An easing off of the exchange rate should help New Zealand exporters, but could be signalling a fall in commodity prices, which are closely linked with the New Zealand dollar, Prime Minister John Key says.
His comments come after BNZ's head of research, Stephen Toplis, said yesterday that the New Zealand economy's commodity boost looked set to falter, making him nervous about where prices for our commodity exports were headed over the short-term.
Fears that the sovereign debt crisis in the Eurozone and the faltering recovery in the United States will hurt global growth have been dominating headlines for weeks. The New Zealand dollar has fallen from from a post-float high of of 88.4 US cents at the start of August to just under 78 US cents this morning.
Key said yesterday that Finance Minister Bill English told him the mood among global economic policy makers was 'very dark' in New York, where he was meeting key players such as US Federal Reserve chairman Ben Bernanke to get a better gauge on where they thought the global economy was headed.
Speaking on TV3's Firstline programme this morning, Key, a former currency trader, said a falling exchange rate was not always a good news story for New Zealand due to the signals it put out.
"There’s a couple of things happen with our exchange rate. One is ... generally the world investment market’s been getting out of US assets and buying other assets, so we’ve been a beneficiary of that, but that pushes our exchange rate up. The other thing is we’re reasonably commodity-linked," Key said on Firstline this morning.
“So sometimes when the exchange rate goes down it’s a reflection of how bad the international markets are, or that commodity prices might be easing back, so it’s not always a one-way, good news story. But certainly the easing off of the exchange rate helps a little bit,” Key said.
'Commodity boost coming off'
Key's comments come after BNZ's Toplis said yesterday there were sufficient warning signs to make him nervous about whether strength in New Zealand's commodity prices seen over the last year could be maintained.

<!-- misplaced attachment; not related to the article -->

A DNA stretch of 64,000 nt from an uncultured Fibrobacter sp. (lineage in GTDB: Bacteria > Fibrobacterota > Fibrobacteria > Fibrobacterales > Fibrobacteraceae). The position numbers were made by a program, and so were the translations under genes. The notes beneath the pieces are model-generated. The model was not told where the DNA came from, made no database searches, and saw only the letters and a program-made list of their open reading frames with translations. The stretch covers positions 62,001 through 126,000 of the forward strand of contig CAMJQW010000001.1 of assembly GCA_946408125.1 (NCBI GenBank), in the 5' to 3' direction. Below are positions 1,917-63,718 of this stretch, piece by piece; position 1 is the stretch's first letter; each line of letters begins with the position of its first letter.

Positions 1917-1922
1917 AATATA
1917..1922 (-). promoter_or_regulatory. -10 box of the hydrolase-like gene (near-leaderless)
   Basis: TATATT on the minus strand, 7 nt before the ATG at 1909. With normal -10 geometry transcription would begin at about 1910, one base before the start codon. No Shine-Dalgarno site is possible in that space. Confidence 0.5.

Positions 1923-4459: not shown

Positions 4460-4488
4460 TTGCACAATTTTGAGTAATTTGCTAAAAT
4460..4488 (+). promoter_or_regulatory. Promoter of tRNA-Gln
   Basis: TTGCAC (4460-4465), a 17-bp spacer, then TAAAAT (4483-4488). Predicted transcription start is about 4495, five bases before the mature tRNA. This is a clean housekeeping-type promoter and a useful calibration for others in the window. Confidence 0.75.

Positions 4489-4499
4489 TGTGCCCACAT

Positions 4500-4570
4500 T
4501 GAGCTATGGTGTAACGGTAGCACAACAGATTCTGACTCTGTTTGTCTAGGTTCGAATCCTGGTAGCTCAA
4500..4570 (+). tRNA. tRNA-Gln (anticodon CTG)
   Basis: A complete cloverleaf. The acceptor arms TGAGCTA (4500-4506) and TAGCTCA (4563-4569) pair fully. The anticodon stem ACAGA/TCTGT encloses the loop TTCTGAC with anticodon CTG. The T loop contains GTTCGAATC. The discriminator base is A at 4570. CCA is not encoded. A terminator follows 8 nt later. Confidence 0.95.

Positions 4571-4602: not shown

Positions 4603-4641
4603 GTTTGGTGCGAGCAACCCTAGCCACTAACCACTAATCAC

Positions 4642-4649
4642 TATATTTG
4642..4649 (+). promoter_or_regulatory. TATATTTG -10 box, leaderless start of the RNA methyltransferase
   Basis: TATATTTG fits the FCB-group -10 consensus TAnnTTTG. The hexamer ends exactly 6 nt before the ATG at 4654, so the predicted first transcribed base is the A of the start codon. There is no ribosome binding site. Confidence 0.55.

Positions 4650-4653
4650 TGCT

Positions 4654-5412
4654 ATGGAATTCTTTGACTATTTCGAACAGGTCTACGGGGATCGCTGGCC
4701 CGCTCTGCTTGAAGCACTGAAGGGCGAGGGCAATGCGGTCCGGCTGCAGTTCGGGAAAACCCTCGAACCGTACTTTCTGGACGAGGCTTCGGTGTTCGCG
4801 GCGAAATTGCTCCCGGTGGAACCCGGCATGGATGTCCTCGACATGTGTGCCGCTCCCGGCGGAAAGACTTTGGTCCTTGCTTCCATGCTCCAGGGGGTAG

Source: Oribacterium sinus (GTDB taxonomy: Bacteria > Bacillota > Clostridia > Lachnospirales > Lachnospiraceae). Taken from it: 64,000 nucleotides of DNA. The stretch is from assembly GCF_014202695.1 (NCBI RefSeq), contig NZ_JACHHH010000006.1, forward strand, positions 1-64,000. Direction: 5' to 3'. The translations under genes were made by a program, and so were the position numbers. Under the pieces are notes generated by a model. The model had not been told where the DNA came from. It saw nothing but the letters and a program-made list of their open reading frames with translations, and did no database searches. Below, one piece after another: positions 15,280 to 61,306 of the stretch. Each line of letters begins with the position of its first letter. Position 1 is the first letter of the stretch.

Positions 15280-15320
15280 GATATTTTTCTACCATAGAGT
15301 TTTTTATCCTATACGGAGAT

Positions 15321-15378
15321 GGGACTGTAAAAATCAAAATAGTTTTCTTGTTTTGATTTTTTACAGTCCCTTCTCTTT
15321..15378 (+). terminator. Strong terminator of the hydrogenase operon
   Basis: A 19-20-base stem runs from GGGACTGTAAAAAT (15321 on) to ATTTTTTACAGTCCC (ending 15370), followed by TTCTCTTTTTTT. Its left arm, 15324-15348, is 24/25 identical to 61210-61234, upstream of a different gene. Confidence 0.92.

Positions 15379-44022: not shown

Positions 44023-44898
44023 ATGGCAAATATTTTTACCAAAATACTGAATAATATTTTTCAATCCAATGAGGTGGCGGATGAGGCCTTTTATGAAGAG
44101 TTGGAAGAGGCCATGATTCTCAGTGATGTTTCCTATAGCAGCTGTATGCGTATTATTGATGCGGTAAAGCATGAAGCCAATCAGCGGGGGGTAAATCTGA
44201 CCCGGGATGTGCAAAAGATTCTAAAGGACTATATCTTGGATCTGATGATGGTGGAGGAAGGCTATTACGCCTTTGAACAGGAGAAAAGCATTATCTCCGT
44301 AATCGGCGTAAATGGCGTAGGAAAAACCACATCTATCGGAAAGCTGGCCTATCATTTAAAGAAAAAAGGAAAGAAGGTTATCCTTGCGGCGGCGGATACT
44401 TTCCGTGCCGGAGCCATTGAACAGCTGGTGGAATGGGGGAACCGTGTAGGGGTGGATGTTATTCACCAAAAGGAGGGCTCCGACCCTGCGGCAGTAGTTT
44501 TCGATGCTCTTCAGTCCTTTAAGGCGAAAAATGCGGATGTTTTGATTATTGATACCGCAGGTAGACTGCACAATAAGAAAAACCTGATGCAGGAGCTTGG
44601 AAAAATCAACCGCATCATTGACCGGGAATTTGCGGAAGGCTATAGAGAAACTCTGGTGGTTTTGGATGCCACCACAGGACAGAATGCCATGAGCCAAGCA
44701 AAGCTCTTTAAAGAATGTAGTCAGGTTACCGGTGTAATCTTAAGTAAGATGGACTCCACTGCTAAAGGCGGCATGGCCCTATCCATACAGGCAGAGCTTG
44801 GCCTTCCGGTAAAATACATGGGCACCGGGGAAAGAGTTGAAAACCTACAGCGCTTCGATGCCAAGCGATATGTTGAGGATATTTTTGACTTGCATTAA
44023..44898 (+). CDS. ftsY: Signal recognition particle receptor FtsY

There was increasing evidence that dairy commodity prices had peaked, with Fonterra’s auction prices drifting lower, US supply ramping up, and demand from China dropping off over the last few months, Toplis said.
"We remain optimistic that the medium term outlook for the sector is very robust indeed but all commodity prices cycle around a trend and it looks, and feels, as if the down bit of the cycle has begun. In large part this is already acknowledged by Fonterra itself in that next year’s projected payout is some 13% below this year’s payment," he said.
If that was fully reflected in exports that would be consistent with a NZ$1.5 billion drop in export earnings for the sector. The current annual merchandise trade surplus is NZ$1.1 billion.
Forestry sector prices and volumes were also coming under some downside pressure at the moment.
"Falling demand for construction activity globally is unhelpful. Even in China there is evidence that fixed capital formation growth is slowing," Toplis said.
Apples and, especially, kiwifruit exports were enormous compared to year earlier levels. But the question would be how much kiwifruit there would be to export this time next year when the full impact of the PSA virus on production was added up?
"As has been the case for some time, the role of China will be very important in determining New Zealand’s external success or failure in the year ahead," Toplis said.
"Over the last twelve months exports to China grew 36.8%. China now accounts for 12.5% of New Zealand’s total goods exports, pulling rapidly away from the USA, which now lies a distant third at 8.5%. Over the last year exports to China and South Korea have rocketed away – whereas exports to Japan and the USA have actually fallen," he said.
'Extreme EU volatility on the cards'
Meanwhile, Key said a global double dip recession could not be ruled out as there could be some extreme volatility in parts of Europe.
“But I think the general feeling from Bill [English] is that while the atmosphere and the mood is very dark in the United States and in Europe, that we may just muddle through. I know a number of the major economic commentators don’t think that there’ll be a double-dip recession," Key said on Firstline.
“But what we are in for is a period of volatility, I suspect extreme volatility in certain parts of Europe. [We] may see a reduction in global growth – that’s certainly the view from the New Zealand Treasury and the Reserve Bank – that’ll have some impact on New Zealand," he said..
“The big challenge for us, or the interesting position for us, is whether Asia can stay de-coupled from Europe and the United States. If that’s the case, and China stays strong, then Australia will stay strong. They’re our two big markets, and growing very rapidly. That will at least help take the edge off that. It’s not perfect, it’s always better if the US and Europe is doing well, but at least we’re not as isolated as some countries are.”
'We need a capital gains tax'
Here's Labour leader Phil Goff responding to Key's comments that New Zealand should make it through the global turmoil. Goff says Labour's policies assume a lower growth track than in the 2011 Budget, and that a capital gains tax was needed to broaden the tax base.
(Updates with videos of Goff and Key on Tuesday morning in Parliament building, Toplis comments, comments on European volatility)